Guerrillas Killed in Clash With Israeli Troops
Mar. 13, 1989
TYRE, Lebanon (AP) _ Israeli troops killed at least three Palestinian guerrillas in south Lebanon early today in a gunbattle illuminated by parachute flares after a chase through hills near Israel's border.
It was the second day in a row that Israeli troops had clashed with guerrillas in Israel's self-proclaimed security zone that were headed for attacks in northern Israel.
The Israeli army showed reporters the bodies of three slain guerrillas at a base in northern Israel, displaying identification papers showing the dead men belonged to a Syrian-based PLO faction and saying they intended to attack an Israeli settlement.
The faction, the Palestine Liberation Front, said in a statement that the guerrillas were headed into Israel for a raid.
The Israeli military said the three were killed in a half-hour fight after a predawn chase of several hours through the hills. A Lebanese police spokesman said four guerrillas were killed.
The discrepancy could not immediately be resolved.
The police spokesman, who cannot be identified under standing rules, said the guerrillas were intercepted in Israel's security zone at the village of Meiss el-Jebel shortly after midnight.
He said the Israelis fired about 600 parachute flares during the action.
In its communique, the Israeli military said air force planes dropped the flares to light the way for the troops after they spotted the guerrillas near Meiss el-Jebel, about half a mile from the Israeli border.
A soldier in the force, identified only as Ofer under army regulations, told reporters at the base in northern Israel that his sergeant opened fire on the guerrillas after spotting their hiding place about 20 yards away and the guerrillas fired back.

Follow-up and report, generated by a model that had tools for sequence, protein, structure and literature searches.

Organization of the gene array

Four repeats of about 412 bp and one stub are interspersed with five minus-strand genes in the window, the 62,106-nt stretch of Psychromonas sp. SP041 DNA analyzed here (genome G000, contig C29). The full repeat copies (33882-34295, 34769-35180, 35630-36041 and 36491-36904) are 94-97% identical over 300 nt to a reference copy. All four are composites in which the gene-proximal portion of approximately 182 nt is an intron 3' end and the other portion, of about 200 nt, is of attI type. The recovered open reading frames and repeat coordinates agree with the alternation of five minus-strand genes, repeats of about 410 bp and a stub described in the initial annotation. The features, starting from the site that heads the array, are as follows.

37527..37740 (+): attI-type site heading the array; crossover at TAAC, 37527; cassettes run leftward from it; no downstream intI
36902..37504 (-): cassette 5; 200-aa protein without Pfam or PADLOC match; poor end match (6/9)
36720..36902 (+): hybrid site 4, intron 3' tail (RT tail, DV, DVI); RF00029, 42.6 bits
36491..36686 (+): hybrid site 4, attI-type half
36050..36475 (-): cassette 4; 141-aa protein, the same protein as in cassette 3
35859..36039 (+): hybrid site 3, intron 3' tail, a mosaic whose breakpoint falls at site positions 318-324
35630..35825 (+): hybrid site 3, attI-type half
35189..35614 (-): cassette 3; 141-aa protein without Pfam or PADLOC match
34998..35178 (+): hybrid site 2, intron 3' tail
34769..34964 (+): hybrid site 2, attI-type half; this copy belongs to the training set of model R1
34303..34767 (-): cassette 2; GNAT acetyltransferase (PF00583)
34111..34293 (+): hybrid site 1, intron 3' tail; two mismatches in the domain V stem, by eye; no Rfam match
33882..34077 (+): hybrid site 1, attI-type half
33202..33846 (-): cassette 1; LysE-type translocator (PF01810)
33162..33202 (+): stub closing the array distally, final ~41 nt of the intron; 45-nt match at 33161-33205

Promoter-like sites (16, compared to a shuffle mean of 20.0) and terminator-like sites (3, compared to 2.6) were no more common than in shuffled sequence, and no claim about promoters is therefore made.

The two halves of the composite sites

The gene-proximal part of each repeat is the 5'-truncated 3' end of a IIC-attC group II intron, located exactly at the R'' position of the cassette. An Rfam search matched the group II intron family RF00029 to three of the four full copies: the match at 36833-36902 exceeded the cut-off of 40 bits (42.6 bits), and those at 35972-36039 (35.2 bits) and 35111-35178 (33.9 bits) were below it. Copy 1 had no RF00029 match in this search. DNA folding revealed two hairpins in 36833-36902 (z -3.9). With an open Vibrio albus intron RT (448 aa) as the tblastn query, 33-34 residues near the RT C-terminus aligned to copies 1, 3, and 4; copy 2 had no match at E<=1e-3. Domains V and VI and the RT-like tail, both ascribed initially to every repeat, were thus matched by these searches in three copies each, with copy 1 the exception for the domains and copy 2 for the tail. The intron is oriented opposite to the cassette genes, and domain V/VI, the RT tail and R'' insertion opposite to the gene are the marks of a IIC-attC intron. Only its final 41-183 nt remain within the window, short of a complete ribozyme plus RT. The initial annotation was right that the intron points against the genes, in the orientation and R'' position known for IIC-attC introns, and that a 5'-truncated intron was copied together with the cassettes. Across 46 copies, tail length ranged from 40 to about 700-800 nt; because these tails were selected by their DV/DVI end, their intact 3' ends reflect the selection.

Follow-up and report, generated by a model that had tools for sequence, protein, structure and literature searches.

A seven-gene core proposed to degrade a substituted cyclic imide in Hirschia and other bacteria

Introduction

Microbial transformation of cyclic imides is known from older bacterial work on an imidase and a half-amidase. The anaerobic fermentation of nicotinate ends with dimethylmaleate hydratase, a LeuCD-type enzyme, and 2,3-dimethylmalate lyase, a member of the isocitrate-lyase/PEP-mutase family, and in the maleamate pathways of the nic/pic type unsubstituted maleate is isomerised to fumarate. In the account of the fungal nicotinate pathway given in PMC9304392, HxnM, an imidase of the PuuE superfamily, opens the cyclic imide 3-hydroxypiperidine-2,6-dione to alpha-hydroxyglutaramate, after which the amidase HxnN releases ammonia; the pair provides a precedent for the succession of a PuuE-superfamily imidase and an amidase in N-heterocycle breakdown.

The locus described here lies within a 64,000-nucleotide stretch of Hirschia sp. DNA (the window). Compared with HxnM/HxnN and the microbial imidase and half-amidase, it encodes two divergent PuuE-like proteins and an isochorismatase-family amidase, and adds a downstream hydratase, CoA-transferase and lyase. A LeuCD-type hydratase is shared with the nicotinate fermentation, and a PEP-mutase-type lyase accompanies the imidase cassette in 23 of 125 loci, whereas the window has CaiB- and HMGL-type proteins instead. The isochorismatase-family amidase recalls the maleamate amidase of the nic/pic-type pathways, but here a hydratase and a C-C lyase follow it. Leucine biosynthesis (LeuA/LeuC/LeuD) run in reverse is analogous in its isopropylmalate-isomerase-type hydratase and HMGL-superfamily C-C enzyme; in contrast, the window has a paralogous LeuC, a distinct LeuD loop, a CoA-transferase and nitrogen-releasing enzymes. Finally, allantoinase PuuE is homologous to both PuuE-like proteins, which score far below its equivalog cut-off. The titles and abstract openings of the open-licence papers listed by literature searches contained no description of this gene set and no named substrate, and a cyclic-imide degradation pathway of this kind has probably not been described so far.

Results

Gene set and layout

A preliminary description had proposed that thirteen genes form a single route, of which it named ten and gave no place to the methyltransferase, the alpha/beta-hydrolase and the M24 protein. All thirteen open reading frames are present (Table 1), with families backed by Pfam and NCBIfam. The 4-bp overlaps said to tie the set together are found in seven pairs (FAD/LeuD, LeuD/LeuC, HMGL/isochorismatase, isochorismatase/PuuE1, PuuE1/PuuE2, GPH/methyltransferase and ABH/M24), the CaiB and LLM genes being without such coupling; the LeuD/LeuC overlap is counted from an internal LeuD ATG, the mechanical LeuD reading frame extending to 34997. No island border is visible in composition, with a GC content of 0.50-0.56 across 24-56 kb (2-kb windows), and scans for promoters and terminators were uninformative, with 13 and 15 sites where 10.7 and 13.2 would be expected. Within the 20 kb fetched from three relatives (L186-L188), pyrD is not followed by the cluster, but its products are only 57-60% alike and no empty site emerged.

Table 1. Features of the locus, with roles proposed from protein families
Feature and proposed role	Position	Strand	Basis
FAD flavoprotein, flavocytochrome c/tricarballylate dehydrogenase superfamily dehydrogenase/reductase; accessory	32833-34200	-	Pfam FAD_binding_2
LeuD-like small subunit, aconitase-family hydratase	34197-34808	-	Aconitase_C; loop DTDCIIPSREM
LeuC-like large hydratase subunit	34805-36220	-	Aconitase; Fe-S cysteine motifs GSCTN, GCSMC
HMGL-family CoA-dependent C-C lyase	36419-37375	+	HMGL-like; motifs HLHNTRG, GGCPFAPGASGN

Then, he said, ''the whole force joined in and threw hand grenades. One of the terrorists opened fire and missed, and then he was killed.''
The names on the guerrillas' documents were Ahmed Mohammed Atallah, Mazen Mohammed Shams Adin, and Khaled Mohammed Ibrahim.
Also displayed to reporters were leaflets carried by the men, which said their mission was ''to identify with the children of the stones,'' referring to the Palestinian uprising in Israeli-occupied territories.
The guerrillas carried AK-47 automatic rifles with several magazines, hand grenades, three small missiles, barbed wire cutters, and photographs of members of their faction killed in earlier raid attempts.
Today's was the fourth clash between PLO guerrillas and Israeli soldiers in less than three weeks. On Sunday, Israeli soldiers killed two Palestinian guerrillas who entered the security zone.
At least 12 guerrillas have been killed in the clashes and no Israelis were injured.
Israel has cited the clashes in asking the United States to call off its dialogue with the Palestine Liberation Organization. It maintains they prove that PLO chairman Yasser Arafat is violating his renunciation of terrorism.
Maj. Gen. Yossi Peled, the head of northern command, told Israel radio today: ''We are talking about intensive activity by all the terrorist organizations. What happened last night is another stage. The aims of these organizations hasn't changed. They want to hurt Israeli settlements.''
Washington ended a 13-year ban on dealings with the PLO and initiated a dialogue with the PLO in December after Arafat renounced terrorism and recognized Israel's right to exist.
Arafat and his aides have said attacks against Israeli military targets are not included in the PLO's definition of terrorism.
An Israeli Foreign Ministry official said today's attempted raid indicated Arafat could not force his entire organization to stick to his renunciation of terrorism.
''It's just one more indication that the PLO doesn't control all the groups,'' said the official, who spoke on condition of anonymity.
The PLO serves as an umbrella group for eight guerrilla factions which sometimes fight among themselves and launch independent attacks on Israeli targets. The largest group is Arafat's mainstream Fatah.
Israel established security zone up to 10 miles deep in south Lebanon to protect its northern border when it pulled most of its forces out of the region in 1985, ending a three-year occupation.